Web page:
Unlike any traditional Christmas film, Violent Night delivers naughty and nice – a modern Die Hard where the hero is the biggest softie of all, David Harbour as Father Christmas.
Whilst an action-packed horror may not be the first thing that comes to mind when picking a film to get you in the Christmas spirit, Universal’s Violent Night is a must-see this Christmas. Written by Pat Casey and Josh Miller, the film is directed by Tommy Wirkola and stars David Harbour as the Santa Claus who comes to save the day.
Violent Night takes the audience on an emotional rollercoaster throughout its 112-minute run, from tense action scenes riddling the viewers with anxiety, to heart-felt scenes between Santa and Trudy, then to some excellent comedic relief – and all of it works perfectly. Additionally, the montage scenes within the film are captivating, particularly the action scenes. Similarly to something out of Quentin Tarantino’s Kill Bill, David Harbour as Santa has to face some highly intelligent and skilled people to protect the Lightstone family and save Christmas.
Now, one of my favourite things within film is the references and callbacks to classics that feel like a homage to the film fans. Violent Night draws some references to Christmas classics such as Home Alone, Die Hard, and Elf. This was one of the most magical parts of the film for me; adding these references within an overall fast-paced and tense film allowed for a few minutes of Christmas cheer and excitement, as well as providing some more light-hearted entertainment.
Violent Night can also be considered a critique of today’s society and the way in which Christmas spirit is no longer treated the way it once was. On numerous occasions, we see Santa pulling out video game after video game from his sack, along with filling stockings with notes of money, and confiding in the Lightstone family about how today’s society doesn’t believe in the way they once did – a close similarity to the scene in Jon Favreau’s Elf from 2003. Whilst the film does make some interesting and accurate points, it never takes itself too seriously in its critique, which helps fuel the feel-good within the narrative.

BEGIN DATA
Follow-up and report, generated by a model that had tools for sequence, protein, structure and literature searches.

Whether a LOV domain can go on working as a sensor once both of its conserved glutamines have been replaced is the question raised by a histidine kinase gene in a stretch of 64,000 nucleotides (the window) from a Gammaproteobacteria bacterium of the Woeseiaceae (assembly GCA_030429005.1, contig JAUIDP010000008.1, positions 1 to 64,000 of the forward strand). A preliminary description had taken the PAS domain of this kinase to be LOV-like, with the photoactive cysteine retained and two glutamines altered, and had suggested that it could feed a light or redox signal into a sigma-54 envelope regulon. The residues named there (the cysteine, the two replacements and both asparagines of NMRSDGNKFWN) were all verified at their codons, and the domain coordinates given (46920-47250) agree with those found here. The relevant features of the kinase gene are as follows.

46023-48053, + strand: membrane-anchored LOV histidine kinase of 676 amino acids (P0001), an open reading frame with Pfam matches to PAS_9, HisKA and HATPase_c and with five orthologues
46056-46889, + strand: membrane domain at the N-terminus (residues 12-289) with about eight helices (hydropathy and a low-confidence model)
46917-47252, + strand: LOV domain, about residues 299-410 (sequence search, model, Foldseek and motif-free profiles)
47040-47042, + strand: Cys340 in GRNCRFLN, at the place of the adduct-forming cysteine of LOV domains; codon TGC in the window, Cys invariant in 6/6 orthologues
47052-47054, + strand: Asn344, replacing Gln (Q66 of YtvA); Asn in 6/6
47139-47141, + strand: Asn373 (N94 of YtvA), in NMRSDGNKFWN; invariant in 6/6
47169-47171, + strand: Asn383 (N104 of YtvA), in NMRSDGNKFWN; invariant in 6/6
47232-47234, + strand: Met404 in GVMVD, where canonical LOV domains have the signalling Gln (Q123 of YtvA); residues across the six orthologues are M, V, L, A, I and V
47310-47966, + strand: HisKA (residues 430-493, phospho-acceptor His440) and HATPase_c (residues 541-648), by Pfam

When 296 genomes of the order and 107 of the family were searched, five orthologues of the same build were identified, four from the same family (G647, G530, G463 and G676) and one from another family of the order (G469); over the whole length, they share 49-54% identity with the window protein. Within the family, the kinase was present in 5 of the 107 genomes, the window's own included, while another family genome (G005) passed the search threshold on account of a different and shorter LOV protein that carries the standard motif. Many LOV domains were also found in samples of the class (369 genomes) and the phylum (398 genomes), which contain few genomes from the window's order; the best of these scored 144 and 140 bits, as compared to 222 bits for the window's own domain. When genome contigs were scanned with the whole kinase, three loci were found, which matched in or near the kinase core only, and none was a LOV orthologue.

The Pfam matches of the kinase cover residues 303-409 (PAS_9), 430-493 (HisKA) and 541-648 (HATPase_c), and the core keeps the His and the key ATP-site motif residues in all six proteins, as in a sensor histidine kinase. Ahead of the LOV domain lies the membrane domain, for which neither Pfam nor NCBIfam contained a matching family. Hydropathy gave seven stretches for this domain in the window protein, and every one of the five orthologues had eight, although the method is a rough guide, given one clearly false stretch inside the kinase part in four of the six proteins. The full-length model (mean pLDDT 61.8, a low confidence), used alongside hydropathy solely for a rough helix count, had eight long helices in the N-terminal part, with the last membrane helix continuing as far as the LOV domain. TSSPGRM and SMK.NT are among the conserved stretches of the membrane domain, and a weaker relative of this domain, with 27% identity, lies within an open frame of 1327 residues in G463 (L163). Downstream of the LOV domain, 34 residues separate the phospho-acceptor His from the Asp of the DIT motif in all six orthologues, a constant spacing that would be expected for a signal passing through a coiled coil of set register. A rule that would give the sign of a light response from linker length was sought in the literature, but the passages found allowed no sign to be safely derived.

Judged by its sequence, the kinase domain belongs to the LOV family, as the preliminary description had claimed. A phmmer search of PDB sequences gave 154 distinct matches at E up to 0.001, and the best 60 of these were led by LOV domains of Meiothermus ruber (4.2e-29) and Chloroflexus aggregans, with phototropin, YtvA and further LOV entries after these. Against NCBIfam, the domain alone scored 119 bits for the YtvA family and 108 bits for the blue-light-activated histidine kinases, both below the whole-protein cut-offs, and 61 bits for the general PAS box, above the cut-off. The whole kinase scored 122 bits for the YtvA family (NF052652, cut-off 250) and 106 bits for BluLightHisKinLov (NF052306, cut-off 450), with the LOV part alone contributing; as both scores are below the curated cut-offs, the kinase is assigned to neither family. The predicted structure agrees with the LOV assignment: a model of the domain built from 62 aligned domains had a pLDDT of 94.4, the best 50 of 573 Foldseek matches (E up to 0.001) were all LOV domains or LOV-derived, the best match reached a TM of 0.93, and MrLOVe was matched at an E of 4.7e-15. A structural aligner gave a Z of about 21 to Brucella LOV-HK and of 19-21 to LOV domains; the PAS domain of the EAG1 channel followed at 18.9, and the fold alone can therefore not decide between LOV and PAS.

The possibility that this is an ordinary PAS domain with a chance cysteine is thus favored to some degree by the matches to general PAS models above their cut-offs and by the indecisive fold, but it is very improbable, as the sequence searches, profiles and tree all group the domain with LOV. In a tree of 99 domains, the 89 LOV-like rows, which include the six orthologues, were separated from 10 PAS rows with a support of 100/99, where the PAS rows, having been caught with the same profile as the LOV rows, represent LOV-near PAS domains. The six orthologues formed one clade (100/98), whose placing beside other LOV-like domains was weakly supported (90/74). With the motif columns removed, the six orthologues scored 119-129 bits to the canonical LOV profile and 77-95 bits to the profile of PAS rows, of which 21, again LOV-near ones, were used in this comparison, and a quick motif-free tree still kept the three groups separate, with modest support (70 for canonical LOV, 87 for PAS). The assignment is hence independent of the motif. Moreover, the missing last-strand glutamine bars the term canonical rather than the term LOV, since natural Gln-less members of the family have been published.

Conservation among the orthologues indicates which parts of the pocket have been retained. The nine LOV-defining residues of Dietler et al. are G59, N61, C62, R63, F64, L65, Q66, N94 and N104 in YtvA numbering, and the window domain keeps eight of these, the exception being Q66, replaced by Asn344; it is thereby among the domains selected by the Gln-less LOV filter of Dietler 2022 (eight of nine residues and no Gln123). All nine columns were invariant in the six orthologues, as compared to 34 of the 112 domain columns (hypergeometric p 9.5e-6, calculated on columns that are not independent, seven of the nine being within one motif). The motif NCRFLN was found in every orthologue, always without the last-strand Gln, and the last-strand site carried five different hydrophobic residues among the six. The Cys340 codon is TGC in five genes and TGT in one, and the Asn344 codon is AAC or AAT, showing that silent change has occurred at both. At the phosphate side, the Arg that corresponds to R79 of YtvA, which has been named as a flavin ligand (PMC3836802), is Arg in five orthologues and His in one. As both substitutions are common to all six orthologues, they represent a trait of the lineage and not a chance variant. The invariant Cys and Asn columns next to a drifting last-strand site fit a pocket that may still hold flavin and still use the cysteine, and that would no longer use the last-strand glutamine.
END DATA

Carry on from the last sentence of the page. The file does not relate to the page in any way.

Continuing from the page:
2022 has been a strong year for David Harbour, starring in Netflix’s Stranger Things season 4 at the beginning of the year, to playing alongside Bill Pullman on London’s West End for Mad House the play, and I’m sure that Violent Night will be a hit for a wide range of audiences.
Overall the film is an extremely good time – perhaps helped by my screening being a sold-out crowd, there were constant audible reactions from the audience, and it’s enough to guarantee a re-watch from me. Closing the film with Slade’s “Merry Xmas Everybody” was the perfect ending to a near-perfect film, and it’s definitely a must-see this holiday season.
Violent Night is out now globally in theaters. Discover all 150+ new Christmas films out this year.